Unexpected Productions auditioned about seventy people last weekend, and cast six improvisers to join the Seattle Theatresports ensemble. There are far more than six great improvisers in Seattle, and there are always a lot of disappointed people. Many of the people we can’t take are friends, supporters, students, and people we want to see on our stage: either down the road in Theatresports, or in other shows.
I’ve been on the other side of the fence. I was rejected in my first audition for Theatresports, in 2007, after waiting over a year to audition. I was a strong students, and many people told me they thought I had a great chance. It was a pretty big letdown, and while I stuck with it, I remember having a nervous two weeks waiting to hear, and another lousy two weeks after hearing “no”.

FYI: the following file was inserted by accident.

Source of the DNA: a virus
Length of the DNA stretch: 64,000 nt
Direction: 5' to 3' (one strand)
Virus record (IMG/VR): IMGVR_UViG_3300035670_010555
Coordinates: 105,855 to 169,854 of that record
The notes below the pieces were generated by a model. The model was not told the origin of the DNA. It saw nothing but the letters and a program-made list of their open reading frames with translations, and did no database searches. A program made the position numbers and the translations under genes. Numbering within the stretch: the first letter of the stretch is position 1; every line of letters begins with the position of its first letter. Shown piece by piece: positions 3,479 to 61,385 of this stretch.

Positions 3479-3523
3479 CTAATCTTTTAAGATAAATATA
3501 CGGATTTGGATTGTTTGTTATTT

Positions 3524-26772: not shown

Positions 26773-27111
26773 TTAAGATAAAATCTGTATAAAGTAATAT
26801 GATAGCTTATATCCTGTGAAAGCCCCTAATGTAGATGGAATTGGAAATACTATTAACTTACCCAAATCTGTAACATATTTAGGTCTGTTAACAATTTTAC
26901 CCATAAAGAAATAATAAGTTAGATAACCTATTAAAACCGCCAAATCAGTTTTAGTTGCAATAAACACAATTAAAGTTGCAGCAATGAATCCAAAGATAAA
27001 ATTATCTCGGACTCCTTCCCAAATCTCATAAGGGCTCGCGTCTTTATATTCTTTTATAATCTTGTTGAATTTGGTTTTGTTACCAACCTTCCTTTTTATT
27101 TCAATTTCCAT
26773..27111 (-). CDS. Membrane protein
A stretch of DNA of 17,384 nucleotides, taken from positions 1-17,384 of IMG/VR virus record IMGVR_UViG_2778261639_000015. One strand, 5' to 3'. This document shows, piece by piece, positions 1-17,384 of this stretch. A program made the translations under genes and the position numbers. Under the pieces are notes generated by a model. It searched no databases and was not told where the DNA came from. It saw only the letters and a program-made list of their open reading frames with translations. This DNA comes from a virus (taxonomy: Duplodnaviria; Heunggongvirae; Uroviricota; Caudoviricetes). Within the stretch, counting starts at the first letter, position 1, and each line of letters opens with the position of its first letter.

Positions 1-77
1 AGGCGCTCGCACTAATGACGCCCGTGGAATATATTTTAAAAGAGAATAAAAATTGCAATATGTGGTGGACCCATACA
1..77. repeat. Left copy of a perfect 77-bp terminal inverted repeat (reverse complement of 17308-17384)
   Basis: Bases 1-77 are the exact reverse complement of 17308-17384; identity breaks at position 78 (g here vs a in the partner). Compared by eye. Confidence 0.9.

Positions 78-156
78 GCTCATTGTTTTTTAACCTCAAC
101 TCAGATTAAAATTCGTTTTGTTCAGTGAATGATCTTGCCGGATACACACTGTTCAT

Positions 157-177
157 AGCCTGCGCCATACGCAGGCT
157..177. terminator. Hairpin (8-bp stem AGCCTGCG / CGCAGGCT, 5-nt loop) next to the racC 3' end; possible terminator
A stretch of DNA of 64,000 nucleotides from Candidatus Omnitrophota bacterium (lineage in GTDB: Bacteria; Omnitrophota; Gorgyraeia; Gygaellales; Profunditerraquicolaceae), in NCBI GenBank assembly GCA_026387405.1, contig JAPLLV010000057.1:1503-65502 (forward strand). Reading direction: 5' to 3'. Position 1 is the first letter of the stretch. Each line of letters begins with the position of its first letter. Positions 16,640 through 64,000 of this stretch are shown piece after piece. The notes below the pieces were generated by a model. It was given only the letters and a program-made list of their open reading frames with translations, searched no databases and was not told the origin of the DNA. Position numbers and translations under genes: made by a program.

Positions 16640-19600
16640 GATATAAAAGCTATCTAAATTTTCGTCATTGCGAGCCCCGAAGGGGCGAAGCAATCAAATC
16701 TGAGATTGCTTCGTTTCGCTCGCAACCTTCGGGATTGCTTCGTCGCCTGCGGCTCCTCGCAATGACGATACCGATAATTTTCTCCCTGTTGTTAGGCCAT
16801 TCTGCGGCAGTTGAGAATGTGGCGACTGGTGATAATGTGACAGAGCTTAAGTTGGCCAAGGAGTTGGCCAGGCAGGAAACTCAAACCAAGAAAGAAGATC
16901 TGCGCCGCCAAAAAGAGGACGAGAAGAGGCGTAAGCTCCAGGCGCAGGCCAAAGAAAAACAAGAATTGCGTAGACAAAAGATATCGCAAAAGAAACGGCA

Anyway, I like to eavesdrop auditioners’ feedback about the process, as well as what people think about before and after auditions, and I thought I’d talk about some common misconceptions that I don’t think are helpful, now that I’ve seen the other side of the fence a few times. I’m going to talk about our ensemble, but I suspect much of this applies to most professional improv groups: at least those in cities where politics and “who-you-know” hold sway. All of this is my own, personal opinion, and doesn’t necessarily reflect the opinions of my theater.